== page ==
On the eve of World Mental Health Day, the Pan American Health Organization (PAHO) has launched a social media campaign to raise awareness of the sustained burden the COVID-19 pandemic poses on the mental health of frontline health workers, inviting them to share their stories and strategies to better manage and cope with this added challenge.
The campaign Mental Health Now – Tell Your Story, will collect written and video stories from healthcare workers in the Americas through Twitter, Facebook, and Instagram, which will be compiled and disseminated through PAHO’s website and social media channels until the end of the year. The story selection will be based on specific criteria, aiming to portray the breadth of the effects of the pandemic and display the diversity of the Americas.
Renato Oliveira e Souza, PAHO’s Mental Health and Substance Use Unit Chief, said: “Health workers have sacrificed so much in order to care for people during the COVID-19 pandemic, and this has even affected their mental health in many cases. The campaign will amplify health workers’ voices so there is more understanding of the mental health challenges they have been facing. It will promote listening and dialogue, urging health service managers to take action to help their workers.”
Preliminary data from the COVID-19 HEalth caRe wOrkErS (HEROES) study, a collaboration between the University of Chile, Columbia University in the United States, and PAHO, indicate that between 5% and 15% of respondents in several countries in the Americas reported suicidal thoughts in the two weeks prior to being consulted for the survey. Between 15% and 22% reported symptoms compatible with depression.
The study focuses on the impact of the pandemic on the mental health of healthcare workers in 11 countries in the Americas: Argentina, Bolivia, Brazil, Chile, Colombia, Guatemala, Mexico, Peru, Puerto Rico, Uruguay, and Venezuela. The study will be available in November.
The pandemic has affected the mental health of not only healthcare workers but also many other populations in the Americas, as they faced personal bereavement, news about illness and death, job losses, economic and social crises, domestic violence, school closures and persistent widespread misinformation. At the same time, services to help people cope with such stressors have been disrupted by COVID-19.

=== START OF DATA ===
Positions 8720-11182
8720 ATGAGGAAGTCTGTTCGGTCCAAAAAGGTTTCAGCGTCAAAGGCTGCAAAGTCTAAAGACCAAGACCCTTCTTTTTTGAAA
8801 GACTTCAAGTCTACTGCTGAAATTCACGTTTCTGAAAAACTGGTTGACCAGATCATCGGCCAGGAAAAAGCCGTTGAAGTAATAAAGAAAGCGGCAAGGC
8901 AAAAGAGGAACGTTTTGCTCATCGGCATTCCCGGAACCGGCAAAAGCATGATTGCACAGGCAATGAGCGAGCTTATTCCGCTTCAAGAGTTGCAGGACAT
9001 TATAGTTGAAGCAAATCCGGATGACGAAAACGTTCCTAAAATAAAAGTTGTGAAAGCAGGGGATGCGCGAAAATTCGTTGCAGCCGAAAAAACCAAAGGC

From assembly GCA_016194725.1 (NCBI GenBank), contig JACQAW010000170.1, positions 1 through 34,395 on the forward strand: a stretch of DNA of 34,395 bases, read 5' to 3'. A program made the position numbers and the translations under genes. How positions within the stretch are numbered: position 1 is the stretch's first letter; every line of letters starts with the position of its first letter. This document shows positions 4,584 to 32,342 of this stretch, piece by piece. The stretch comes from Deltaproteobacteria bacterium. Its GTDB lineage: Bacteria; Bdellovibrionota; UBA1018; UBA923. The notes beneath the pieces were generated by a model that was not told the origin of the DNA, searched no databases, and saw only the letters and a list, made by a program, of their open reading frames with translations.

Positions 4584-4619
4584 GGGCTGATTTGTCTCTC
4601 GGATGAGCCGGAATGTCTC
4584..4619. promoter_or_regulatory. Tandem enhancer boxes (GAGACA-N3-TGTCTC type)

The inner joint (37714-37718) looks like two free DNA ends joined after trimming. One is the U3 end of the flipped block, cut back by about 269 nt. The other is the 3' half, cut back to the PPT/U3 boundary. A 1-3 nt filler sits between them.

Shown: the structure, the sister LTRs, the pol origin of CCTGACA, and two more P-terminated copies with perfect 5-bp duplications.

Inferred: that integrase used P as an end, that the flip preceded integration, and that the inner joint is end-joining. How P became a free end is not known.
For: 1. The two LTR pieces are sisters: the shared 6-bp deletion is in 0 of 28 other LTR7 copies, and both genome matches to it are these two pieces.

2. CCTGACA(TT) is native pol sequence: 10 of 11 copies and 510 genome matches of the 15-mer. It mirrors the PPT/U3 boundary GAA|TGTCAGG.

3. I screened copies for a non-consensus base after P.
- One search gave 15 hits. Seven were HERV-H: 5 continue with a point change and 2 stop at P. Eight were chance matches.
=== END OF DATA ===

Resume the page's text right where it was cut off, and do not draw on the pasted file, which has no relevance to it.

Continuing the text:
Dr. Oliveira referenced the 2021 PAHO/WHO pulse survey on the continuity of essential services, which shows that mental health services have suffered the greatest degree of disruption, with 60% of countries in the Americas reporting disruptions this year.
Dr. Oliveira said: “This situation has been extremely challenging. The increased mental health needs are exacerbated by interruptions in the provision of mental health services.”
Even before the pandemic, mental health services were not accessible to many in need. The treatment gap – the percentage of people who require care but do not receive it – for specific mental health and substance use problems reached almost 80% in some places in the Americas.
Persons who are poor, unemployed, less educated, or are members of groups who often face racial and social discrimination, have less access to mental health services.
World Mental Health Day, celebrated annually on October 10, is organized by the World Federation for Mental Health and endorsed by the World Health Organization (WHO). The event reflects a global commitment to raise awareness of mental health issues and mobilize support for mental health.